Wednesday, February 1, 2012

Oxidization happens

Who knew that cutting open some apples and potatoes qualified as a science lesson?

On Tuesday, the question was: If you cut open fruits and vegetables, do they have a chemical reaction with the gasses in the air? It is so interesting to me that most students intuitively hypothesize correctly, even when they don't have the science knowledge to understand why.

In the spirit of gradually releasing responsibility to students, after they recorded hypotheses, they read over the procedure and planned how to collect data on their own. We did do a quick check in on the procedure, and students had a chance to ask questions about issues that weren't clear to them. How many times will we do observations on the cut up fruit was a biggie, and showed me they were doing good planning for their observation charts. One savvy students wanted to know what the control was: the wrapped or unwrapped fruit. Kids were thinking.

So we cut up the produce, wrapped half of it in plastic wrap, and everyone wrote down what the two sets of food looked like. The student photographer of the week snapped a bunch of pictures as everyone worked.

Later in the day we checked back and most kids clearly saw that the exposed items had browned but the wrapped ones had not. Some groups chose to unwrap the plastic wrap and also felt the surfaces of the potatoes and apples and noted the wrapped ones were moister. One group felt like they needed to collect more data and chose to leave everything out overnight. This morning they did a final round of observations.

Before anyone wrote their conclusions, I reminded them to look back at the question to make sure their conclusion addressed the question, and didn't just state what happened to the fruit. I collected these and looked them over after school – I will touch base with the kids who did not write appropriate conclusions as a way to guide them in the right direction moving forward.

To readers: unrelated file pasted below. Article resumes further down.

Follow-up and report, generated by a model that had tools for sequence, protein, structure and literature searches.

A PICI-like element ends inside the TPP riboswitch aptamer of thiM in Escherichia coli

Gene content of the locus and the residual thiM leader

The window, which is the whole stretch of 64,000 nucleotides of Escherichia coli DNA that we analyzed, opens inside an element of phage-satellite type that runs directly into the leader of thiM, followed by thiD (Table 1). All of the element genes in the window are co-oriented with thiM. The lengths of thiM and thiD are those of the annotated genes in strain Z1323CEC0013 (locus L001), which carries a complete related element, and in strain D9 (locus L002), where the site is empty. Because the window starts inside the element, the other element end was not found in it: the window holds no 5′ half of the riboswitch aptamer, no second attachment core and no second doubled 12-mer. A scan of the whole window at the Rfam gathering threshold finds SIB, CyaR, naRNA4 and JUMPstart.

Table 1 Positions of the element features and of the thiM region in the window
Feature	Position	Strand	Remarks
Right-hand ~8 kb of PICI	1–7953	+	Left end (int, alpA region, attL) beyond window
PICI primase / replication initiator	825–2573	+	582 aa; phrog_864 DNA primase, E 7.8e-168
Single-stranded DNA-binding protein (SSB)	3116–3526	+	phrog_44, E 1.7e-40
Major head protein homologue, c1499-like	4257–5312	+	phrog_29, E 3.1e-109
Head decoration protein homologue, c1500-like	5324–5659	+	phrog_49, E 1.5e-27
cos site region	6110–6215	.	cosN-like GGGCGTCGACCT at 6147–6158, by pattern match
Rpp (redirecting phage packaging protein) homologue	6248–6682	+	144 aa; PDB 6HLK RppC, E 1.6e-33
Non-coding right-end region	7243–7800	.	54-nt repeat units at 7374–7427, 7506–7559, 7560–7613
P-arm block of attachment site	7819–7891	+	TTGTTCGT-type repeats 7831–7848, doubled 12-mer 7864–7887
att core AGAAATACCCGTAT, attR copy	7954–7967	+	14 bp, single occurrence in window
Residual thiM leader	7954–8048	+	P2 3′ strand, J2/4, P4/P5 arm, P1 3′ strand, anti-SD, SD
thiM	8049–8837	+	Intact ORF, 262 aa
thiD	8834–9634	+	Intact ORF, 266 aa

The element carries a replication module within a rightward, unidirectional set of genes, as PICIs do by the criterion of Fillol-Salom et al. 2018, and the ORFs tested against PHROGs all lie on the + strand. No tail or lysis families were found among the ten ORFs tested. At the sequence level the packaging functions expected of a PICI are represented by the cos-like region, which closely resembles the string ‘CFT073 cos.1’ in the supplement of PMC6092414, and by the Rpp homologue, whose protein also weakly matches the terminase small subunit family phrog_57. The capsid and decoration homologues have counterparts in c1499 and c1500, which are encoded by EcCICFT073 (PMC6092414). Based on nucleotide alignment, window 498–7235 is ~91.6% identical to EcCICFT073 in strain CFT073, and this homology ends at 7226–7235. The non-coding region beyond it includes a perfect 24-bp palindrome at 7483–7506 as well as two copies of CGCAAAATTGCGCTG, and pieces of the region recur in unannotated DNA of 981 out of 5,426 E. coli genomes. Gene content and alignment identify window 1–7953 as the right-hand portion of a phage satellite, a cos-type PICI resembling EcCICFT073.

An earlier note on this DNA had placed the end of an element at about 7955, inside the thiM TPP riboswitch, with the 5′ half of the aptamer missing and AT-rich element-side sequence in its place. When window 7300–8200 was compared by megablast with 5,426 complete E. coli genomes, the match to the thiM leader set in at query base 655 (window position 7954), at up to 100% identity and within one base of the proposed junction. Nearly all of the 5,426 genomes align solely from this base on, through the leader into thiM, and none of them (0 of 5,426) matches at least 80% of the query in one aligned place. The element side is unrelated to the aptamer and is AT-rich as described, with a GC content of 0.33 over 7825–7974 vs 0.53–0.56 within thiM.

Of course, I squeezed in a three minute science lecture: one of the gasses in the air is oxygen, it reacts with the fruit when it is cut open and the cells are damaged, it is called oxidization and other examples of oxidization include metal rusting. Applying lemon juice to cut up fruit is one way to inhibit oxidization. Vocab connection: oxygen/oxidization.

Tuesday afternoon also is the day we go to the school's tech lab. This unit was planned collaboratively with our technology guru, Frank. (Also with our art teacher, Vera. More on that another day.) Part of our work Tuesday was to look at projections of the pictures our student photographer had taken and discuss which pictures could be used in a lab report/presentation. Kids taking pictures makes for a mixed bag on the iPad; hopefully our exercise got them thinking about how important it is to plan ahead for getting a picture at the “right” time in an experiment and how to compose a decent picture. Clearly this is something I need to keep working on; I missed the opportunity to get a picture of the lemonade fizzing!

Which of the pictures above do you think we decided would have a place in a lab report?

1 comment:

  1. Your lesson sounds like it brings out the best in your students. And your students sound like they have a lot of bests to let out. These blog posts are a gentle reminder to make more room for planning in my day.

    Thanks Liz.